Gone are the days where after a long legal career, lawyers would wind down by “retiring to the bench” and becoming a judge.
Nowadays, the job of a magistrate or judge involves a lot of tough work; with one magistrate describing it as “a bit like putting your mouth over a fire hydrant.”
Thousands of cases pass through our local courts each year, and it can take months or even years to finalise any particular case. A standard local court list could have over 100 cases on any given day, all of which must be dealt with by day’s end.
To ease the pressure, registrars are often used to sort cases out before they come before magistrates. As well as in the Downing Centre Local Court, which is the busiest court in the state, registrars are employed now in many Sydney and regional local courts, as well as in District, Supreme and Federal courts. The roles of Registrars vary from court to court.
Registrars have some, but not all, of the powers and functions of their counterparts, and can preside over both civil and criminal proceedings.
What are the powers of a Registrar?
Local court registrars have the authority to make decisions about procedural matters; for example, adjourning cases, accepting pleas of guilty, ordering the service of brief materials, granting access to subpoenas, listing cases for defended hearings, and so on. Judicial decisions are then left to magistrates and judges; including presiding over sentencing hearings and defended hearings in the Local Court, and jury trials in the higher courts.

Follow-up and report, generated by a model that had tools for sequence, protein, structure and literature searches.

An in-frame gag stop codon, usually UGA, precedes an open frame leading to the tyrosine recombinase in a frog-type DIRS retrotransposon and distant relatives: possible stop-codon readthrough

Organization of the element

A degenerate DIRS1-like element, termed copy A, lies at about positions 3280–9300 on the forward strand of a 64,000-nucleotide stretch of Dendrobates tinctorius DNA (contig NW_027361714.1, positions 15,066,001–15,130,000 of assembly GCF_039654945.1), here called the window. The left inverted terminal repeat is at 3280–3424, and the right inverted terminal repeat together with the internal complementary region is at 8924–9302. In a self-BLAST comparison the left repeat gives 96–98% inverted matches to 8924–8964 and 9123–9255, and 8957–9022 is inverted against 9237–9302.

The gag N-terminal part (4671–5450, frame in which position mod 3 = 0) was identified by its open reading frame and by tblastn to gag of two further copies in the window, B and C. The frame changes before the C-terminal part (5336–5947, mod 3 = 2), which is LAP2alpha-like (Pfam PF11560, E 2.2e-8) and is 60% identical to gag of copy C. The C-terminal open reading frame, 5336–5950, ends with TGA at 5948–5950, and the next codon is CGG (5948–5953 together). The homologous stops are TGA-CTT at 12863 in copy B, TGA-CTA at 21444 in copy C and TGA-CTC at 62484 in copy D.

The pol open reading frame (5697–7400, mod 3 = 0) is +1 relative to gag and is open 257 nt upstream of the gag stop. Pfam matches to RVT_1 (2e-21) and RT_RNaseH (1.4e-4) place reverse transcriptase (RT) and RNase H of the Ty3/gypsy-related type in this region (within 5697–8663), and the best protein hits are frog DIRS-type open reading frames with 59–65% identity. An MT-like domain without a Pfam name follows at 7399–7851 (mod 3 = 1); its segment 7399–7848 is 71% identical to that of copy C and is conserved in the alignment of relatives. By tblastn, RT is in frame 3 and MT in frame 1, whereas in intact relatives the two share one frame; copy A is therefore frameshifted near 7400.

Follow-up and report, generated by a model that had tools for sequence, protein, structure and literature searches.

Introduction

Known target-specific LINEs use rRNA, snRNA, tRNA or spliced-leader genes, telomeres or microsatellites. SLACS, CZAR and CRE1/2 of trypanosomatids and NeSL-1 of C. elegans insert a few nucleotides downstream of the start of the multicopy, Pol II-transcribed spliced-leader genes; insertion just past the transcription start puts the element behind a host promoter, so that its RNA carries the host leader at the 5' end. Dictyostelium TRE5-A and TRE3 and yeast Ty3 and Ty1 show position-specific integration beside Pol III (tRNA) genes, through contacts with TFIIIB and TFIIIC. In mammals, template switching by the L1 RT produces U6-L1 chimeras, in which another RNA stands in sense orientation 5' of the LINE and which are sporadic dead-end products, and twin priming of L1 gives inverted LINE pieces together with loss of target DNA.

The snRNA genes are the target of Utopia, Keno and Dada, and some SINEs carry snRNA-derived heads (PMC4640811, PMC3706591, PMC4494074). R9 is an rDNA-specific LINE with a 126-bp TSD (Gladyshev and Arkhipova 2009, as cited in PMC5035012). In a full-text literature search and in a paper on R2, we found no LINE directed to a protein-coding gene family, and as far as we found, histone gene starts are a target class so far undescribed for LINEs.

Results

Under rule 8.2 of the NSW Local Court Rules, registrars are permitted to:
- Adjourn proceedings, without the consent of the parties;
- Make orders by consent;
- Set times by which documents must be served on the other party;
- Deal with subpoenas;
- Determine preliminary matters prior to the commencement of a hearing or trial;
- Conduct pre-trial reviews;
- Grant costs applications; and
- Make orders in relation to the just, efficient and timely management of court proceedings
How is a registrar different to a magistrate?
Aside from the greater limitations on the power of registrars, proceedings before registrars are often less formal. While some registrars do sit in courtrooms, these are often much smaller, and some may even sit in a small office room with none of the usual trappings of a courtroom.
This is not the case at the Downing Centre Local Court, where the Registrar sits in courtroom 4.4, on level 4.
Unlike magistrates or judges who are addressed as ‘Your Honour’, the correct way to address a registrar is simply ‘Registrar.’
From court to court, registrars and their expectations of formalities differ, and while getting to your feet is required when speaking to a Local Court magistrate or District Court judge, this is not always the case with registrars.
What are the qualifications of registrars?
Although registrars perform important administrative functions, they are not always legally qualified. However, legislation now requires that a person must be an Australian lawyer to be appointed as a registrar in the NSW District court.
While Local Court registrars do not currently need legal qualifications, the Litigation Law and Practice Committee has recommended that admission as an Australian lawyer should be made a prerequisite.